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Deterministic Networking                                       Y. Kaneko
Internet-Draft                                                   Toshiba
Intended status: Informational                                    S. Das
Expires: April 18, 2016                   Applied Communication Sciences
                                                        October 16, 2015


    Building Automation Use Cases and Requirements for Deterministic
                               Networking
                      draft-bas-usecase-detnet-00

Abstract

   This document describes Building Automation System (BAS) use cases
   and its requirements for deterministic networking.

Status of This Memo

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   provisions of BCP 78 and BCP 79.

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   This Internet-Draft will expire on April 18, 2016.

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   described in the Simplified BSD License.




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Table of Contents

   1.  Introduction  . . . . . . . . . . . . . . . . . . . . . . . .   2
   2.  Requirements Language . . . . . . . . . . . . . . . . . . . .   3
   3.  Building Automation Systems . . . . . . . . . . . . . . . . .   3
     3.1.  BAS Functionality . . . . . . . . . . . . . . . . . . . .   3
     3.2.  BAS Architecture  . . . . . . . . . . . . . . . . . . . .   4
     3.3.  Deployment Model  . . . . . . . . . . . . . . . . . . . .   5
     3.4.  Use cases and Field Network Requirements  . . . . . . . .   7
       3.4.1.  Environmental Monitoring  . . . . . . . . . . . . . .   7
       3.4.2.  Fire Detection  . . . . . . . . . . . . . . . . . . .   8
       3.4.3.  Feedback Control  . . . . . . . . . . . . . . . . . .   9
   4.  Security Considerations . . . . . . . . . . . . . . . . . . .  10
   5.  IANA Considerations . . . . . . . . . . . . . . . . . . . . .  10
   6.  References  . . . . . . . . . . . . . . . . . . . . . . . . .  10
     6.1.  Normative References  . . . . . . . . . . . . . . . . . .  10
     6.2.  Informative References  . . . . . . . . . . . . . . . . .  10
   Authors' Addresses  . . . . . . . . . . . . . . . . . . . . . . .  11

1.  Introduction

   Building Automation System (BAS) is a system that manages various
   equipment and sensors in buildings (e.g., heating, cooling and
   ventilating) for improving residents' comfort, reduction of energy
   consumption and automatic responses in case of failure and emergency.
   For example, BAS measures temperature of a room by using various
   sensors and then controls the HVAC (Heating, Ventilating, and air
   Conditioning) system automatically to maintain the temperature level
   and minimize the energy consumption.

   There are typically two layers of network in a BAS.  Upper one is
   called management network and the lower one is called field network.
   In management networks, an IP-based communication protocol is used
   while in field network, non-IP based communication protocols (a.k.a.,
   field protocol) are mainly used.

   There are many field protocols used in today's deployment in which
   some medium access control and physical layers protocols are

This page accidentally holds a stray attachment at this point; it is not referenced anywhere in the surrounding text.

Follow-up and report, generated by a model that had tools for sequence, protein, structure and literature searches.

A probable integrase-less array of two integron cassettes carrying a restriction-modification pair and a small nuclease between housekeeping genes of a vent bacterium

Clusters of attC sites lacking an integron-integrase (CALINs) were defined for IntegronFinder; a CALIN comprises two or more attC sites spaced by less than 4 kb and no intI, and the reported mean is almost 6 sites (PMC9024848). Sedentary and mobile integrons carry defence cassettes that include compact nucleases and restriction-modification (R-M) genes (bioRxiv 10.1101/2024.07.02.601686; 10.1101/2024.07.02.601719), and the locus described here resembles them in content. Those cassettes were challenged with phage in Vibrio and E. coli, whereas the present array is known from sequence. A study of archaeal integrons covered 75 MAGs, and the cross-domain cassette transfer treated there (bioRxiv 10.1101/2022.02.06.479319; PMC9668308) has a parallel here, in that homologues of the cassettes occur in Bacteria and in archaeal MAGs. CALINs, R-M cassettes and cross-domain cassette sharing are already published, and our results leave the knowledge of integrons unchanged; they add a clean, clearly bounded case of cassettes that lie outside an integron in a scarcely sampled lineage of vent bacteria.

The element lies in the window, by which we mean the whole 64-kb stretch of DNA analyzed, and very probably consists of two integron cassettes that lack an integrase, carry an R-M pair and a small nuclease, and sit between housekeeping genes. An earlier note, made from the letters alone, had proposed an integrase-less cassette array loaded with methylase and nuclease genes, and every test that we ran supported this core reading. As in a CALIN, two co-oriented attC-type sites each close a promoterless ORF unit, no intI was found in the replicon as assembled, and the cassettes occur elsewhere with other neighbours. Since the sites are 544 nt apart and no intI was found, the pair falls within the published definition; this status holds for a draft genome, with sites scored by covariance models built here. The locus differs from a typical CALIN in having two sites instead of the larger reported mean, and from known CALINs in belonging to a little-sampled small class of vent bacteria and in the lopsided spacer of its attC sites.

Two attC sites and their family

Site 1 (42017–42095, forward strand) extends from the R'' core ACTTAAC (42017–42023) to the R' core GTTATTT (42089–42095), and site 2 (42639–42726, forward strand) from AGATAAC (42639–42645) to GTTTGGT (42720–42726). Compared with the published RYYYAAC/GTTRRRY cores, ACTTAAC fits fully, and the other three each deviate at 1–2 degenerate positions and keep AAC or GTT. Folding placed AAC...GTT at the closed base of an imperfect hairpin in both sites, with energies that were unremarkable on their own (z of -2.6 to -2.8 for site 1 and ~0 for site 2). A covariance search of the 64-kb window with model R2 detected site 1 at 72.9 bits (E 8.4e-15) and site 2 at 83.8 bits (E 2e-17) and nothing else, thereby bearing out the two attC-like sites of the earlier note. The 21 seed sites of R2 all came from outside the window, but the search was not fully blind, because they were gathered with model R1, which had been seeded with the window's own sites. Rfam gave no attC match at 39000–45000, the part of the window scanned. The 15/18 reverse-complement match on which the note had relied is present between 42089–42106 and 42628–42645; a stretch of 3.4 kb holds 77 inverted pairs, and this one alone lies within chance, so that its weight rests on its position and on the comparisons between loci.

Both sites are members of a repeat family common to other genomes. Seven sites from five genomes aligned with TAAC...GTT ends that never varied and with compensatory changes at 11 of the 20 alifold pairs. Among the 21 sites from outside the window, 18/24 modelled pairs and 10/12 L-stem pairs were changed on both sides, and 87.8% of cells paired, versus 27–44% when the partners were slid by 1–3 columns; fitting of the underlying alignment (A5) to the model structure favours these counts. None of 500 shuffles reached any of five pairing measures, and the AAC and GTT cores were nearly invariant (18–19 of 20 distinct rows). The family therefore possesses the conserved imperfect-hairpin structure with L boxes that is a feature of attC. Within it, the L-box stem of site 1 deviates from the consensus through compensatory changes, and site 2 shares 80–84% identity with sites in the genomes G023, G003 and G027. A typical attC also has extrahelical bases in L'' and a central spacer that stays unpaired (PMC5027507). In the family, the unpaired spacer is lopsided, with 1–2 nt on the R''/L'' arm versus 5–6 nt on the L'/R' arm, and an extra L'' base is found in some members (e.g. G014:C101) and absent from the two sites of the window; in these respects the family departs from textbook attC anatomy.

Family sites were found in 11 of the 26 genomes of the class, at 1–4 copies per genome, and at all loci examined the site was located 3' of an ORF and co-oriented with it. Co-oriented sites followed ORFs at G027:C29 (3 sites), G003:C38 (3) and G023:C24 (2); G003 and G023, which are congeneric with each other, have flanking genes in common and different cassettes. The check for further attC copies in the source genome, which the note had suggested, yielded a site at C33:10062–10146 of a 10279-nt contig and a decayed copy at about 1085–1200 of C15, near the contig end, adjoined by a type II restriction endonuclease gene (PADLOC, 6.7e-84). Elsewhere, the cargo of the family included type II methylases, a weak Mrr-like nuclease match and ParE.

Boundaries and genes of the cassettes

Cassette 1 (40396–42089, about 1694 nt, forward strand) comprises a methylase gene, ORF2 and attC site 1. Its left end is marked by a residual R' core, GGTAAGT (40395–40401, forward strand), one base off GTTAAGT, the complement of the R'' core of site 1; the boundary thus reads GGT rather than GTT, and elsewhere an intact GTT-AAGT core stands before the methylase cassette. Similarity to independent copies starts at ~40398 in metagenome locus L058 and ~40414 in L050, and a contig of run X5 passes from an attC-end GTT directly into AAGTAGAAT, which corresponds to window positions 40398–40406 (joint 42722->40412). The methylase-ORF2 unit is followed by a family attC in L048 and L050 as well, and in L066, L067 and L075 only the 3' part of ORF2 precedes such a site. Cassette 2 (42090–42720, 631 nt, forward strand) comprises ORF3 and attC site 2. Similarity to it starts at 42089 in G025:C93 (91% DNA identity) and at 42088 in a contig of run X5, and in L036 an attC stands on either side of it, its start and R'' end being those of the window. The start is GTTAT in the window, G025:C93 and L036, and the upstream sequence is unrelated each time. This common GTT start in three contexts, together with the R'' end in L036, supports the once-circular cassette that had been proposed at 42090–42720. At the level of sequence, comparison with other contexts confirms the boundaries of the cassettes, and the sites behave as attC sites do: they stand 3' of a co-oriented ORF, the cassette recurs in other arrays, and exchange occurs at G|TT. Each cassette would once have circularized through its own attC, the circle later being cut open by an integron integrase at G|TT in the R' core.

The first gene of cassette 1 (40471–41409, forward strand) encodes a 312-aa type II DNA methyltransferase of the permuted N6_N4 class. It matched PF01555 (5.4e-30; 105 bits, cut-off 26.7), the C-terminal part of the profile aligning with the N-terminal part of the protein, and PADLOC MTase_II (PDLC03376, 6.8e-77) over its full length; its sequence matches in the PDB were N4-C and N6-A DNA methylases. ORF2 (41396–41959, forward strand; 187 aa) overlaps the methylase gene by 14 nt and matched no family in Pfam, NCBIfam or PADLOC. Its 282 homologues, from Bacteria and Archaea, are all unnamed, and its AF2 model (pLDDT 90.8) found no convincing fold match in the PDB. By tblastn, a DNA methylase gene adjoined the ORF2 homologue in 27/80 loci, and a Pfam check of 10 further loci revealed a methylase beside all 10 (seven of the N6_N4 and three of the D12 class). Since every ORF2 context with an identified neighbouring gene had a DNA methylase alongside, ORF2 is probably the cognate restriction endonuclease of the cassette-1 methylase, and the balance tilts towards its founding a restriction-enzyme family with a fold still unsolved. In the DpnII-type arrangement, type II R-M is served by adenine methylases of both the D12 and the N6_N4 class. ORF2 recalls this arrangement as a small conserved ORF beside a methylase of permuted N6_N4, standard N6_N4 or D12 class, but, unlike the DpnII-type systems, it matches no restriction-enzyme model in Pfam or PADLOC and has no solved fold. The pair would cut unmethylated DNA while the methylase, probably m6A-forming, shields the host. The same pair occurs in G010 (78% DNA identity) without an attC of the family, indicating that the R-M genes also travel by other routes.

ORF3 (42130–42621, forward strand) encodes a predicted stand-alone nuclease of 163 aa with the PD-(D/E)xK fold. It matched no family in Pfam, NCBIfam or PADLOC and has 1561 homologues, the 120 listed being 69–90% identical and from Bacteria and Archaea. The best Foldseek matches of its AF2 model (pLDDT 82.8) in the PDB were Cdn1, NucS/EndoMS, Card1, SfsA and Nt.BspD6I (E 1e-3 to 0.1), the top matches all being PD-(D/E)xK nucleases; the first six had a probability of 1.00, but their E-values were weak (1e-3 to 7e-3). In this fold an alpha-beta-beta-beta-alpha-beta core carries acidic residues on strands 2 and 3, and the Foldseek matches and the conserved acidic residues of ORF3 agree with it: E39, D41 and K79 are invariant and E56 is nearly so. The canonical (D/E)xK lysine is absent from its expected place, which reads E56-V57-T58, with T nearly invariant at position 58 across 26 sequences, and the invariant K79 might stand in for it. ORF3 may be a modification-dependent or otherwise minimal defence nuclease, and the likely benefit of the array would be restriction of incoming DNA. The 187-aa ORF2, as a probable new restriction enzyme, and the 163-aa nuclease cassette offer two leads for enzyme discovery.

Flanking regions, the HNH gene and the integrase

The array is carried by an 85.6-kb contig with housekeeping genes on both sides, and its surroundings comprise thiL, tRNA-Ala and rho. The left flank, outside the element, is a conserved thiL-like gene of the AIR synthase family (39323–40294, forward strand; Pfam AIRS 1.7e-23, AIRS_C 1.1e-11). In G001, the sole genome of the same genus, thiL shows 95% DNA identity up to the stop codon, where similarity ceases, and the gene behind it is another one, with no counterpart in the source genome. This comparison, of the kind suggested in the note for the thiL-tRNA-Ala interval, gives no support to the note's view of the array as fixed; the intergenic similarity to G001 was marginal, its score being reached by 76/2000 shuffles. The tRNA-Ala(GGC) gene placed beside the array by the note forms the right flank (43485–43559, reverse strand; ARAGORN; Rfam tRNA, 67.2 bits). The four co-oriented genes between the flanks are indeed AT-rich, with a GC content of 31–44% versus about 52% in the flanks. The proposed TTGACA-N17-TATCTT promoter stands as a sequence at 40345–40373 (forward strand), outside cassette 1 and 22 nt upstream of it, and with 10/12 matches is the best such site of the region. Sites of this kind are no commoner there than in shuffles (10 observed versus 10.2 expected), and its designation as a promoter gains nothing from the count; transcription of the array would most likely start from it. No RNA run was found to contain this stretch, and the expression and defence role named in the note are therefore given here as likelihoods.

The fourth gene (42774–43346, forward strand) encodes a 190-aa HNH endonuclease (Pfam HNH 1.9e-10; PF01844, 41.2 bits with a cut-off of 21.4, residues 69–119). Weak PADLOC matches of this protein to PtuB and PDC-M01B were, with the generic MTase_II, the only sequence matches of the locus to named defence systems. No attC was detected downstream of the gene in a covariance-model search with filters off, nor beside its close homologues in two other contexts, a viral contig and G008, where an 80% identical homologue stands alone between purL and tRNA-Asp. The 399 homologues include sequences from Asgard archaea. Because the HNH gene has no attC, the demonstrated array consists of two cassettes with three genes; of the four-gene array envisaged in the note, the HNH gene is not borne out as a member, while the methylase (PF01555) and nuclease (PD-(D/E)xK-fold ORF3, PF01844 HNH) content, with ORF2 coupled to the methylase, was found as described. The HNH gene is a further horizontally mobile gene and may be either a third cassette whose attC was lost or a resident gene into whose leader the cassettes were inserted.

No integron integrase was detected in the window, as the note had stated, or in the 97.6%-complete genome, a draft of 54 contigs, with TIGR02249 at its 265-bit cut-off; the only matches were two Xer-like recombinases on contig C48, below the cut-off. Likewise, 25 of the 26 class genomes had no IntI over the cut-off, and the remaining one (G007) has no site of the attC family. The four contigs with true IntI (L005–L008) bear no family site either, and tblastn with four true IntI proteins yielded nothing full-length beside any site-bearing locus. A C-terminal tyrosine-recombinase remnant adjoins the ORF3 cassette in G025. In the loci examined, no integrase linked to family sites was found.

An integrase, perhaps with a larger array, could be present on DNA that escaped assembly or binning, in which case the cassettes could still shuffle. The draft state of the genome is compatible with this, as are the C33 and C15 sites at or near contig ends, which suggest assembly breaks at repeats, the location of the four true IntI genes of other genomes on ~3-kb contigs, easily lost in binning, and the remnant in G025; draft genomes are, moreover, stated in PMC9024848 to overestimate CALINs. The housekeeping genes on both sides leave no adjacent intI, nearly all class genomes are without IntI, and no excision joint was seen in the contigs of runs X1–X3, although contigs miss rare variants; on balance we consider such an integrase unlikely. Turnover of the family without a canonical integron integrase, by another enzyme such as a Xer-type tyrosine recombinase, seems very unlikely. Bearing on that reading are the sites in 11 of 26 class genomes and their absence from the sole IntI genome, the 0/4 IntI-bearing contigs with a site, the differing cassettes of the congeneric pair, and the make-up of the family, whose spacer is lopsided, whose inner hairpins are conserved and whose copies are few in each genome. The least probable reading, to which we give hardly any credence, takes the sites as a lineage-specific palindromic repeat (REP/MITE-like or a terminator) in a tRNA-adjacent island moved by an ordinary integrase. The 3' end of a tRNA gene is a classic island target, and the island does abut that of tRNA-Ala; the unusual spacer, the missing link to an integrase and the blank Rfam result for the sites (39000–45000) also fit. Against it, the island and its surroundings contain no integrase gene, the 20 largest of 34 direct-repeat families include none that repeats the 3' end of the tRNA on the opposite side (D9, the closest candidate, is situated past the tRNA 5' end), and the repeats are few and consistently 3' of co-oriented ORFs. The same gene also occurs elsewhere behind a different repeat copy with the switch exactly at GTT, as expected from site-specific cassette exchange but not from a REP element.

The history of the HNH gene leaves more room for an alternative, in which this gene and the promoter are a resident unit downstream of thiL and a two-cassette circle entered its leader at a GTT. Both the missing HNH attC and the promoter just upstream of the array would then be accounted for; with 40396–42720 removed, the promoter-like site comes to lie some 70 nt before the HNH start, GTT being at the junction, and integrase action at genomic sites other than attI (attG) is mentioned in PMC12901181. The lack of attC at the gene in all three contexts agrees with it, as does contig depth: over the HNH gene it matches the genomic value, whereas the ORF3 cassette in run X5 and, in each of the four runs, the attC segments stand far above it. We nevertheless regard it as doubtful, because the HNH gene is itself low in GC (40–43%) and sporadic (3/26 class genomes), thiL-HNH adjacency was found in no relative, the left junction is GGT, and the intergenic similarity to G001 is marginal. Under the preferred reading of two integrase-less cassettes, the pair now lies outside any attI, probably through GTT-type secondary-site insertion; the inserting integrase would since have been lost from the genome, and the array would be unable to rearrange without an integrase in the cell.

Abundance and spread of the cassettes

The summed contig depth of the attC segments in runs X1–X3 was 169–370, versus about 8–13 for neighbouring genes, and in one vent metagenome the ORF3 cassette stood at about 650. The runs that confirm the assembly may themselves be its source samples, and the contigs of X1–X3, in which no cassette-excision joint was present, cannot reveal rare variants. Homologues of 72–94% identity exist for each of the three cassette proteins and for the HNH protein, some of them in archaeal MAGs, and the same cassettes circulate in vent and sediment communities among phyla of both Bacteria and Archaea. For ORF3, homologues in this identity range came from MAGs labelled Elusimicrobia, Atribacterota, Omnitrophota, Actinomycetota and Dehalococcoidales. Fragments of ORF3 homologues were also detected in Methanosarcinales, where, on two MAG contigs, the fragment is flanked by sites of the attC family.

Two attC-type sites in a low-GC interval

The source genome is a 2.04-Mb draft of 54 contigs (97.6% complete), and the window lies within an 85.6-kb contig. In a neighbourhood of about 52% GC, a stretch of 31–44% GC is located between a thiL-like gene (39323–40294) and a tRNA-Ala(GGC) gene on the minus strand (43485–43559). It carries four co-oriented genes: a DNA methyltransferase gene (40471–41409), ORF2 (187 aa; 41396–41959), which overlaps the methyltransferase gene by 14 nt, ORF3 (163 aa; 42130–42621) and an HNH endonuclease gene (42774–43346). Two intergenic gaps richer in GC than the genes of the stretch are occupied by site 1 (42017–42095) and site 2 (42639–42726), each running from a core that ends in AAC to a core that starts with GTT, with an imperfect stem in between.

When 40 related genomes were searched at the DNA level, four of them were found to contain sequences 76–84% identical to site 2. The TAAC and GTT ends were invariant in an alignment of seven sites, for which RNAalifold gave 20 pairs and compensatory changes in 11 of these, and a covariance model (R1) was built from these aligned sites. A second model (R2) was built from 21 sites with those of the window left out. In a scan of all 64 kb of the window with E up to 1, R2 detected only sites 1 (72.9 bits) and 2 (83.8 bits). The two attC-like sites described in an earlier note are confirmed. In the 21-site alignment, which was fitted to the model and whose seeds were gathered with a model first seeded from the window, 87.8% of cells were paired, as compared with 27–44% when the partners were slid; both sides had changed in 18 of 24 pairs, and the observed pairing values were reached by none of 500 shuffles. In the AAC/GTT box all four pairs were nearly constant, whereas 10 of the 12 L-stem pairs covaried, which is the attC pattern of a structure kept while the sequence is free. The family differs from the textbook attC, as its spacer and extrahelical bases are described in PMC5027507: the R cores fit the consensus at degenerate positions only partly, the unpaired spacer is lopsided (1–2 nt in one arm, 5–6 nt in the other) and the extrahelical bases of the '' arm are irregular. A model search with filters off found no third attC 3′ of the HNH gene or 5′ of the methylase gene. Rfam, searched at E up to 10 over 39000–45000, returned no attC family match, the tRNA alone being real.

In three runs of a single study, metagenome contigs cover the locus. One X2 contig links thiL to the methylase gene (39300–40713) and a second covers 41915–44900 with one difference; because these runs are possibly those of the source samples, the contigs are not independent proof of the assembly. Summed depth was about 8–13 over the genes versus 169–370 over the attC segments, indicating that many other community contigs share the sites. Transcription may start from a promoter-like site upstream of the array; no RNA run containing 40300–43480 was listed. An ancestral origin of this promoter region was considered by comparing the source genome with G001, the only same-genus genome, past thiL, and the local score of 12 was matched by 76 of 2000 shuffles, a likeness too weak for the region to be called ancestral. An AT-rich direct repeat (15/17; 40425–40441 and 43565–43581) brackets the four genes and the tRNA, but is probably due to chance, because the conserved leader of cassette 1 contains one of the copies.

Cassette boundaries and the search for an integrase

standards-based and others are proprietary based.  Therefore the BAS
   needs to have multiple MAC/PHY modules and interfaces to make use of
   multiple field protocols based devices.  This situation not only
   makes BAS more expensive with large development cycle of multiple
   devices but also creates the issue of vendor lock-in with multiple
   types of management applications.

   The other issue with some of the existing field networks and
   protocols are security.  When these protocols and network were
   developed, it was assumed that the field networks are isolated



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   physically from external networks and therefore the network and
   protocol security was not a concern.  However, in today's world many
   BASes are managed remotely and is connected to shared IP networks and
   it is also not uncommon that same IT infrastructure is used be it
   office, home or in enterprise networks.  Adding network and protocol
   security to existing system is a non-trivial task.

   This document first describes the BAS functionalities, its
   architecture and current deployment models.  Then we discuss the use
   cases and field network requirements that need to be satisfied by
   deterministic networking.

2.  Requirements Language

   The key words "MUST", "MUST NOT", "REQUIRED", "SHALL", "SHALL NOT",
   "SHOULD", "SHOULD NOT", "RECOMMENDED", "MAY", and "OPTIONAL" in this
   document are to be interpreted as described in BCP 14, RFC 2119
   [RFC2119].

3.  Building Automation Systems

3.1.  BAS Functionality

   Building Automation System (BAS) is a system that manages various
   devices in buildings automatically.  BAS primarily performs the
   following functions:

   o  Measures states of devices in a regular interval.  For example,
      temperature or humidity or illuminance of rooms, on/off state of
      room lights, open/close state of doors, FAN speed, valve, running
      mode of HVAC, and its power consumption.

   o  Stores the measured data into a database (Note: The database keeps
      the data for several years).

   o  Provides the measured data for BAS operators for visualization.

   o  Generates alarms for abnormal state of devices (e.g., calling
      operator's cellular phone, sending an e-mail to operators and so
      on).

   o  Controls devices on demand.

   o  Controls devices with a pre-defined operation schedule (e.g., turn
      off room lights at 10:00 PM).






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3.2.  BAS Architecture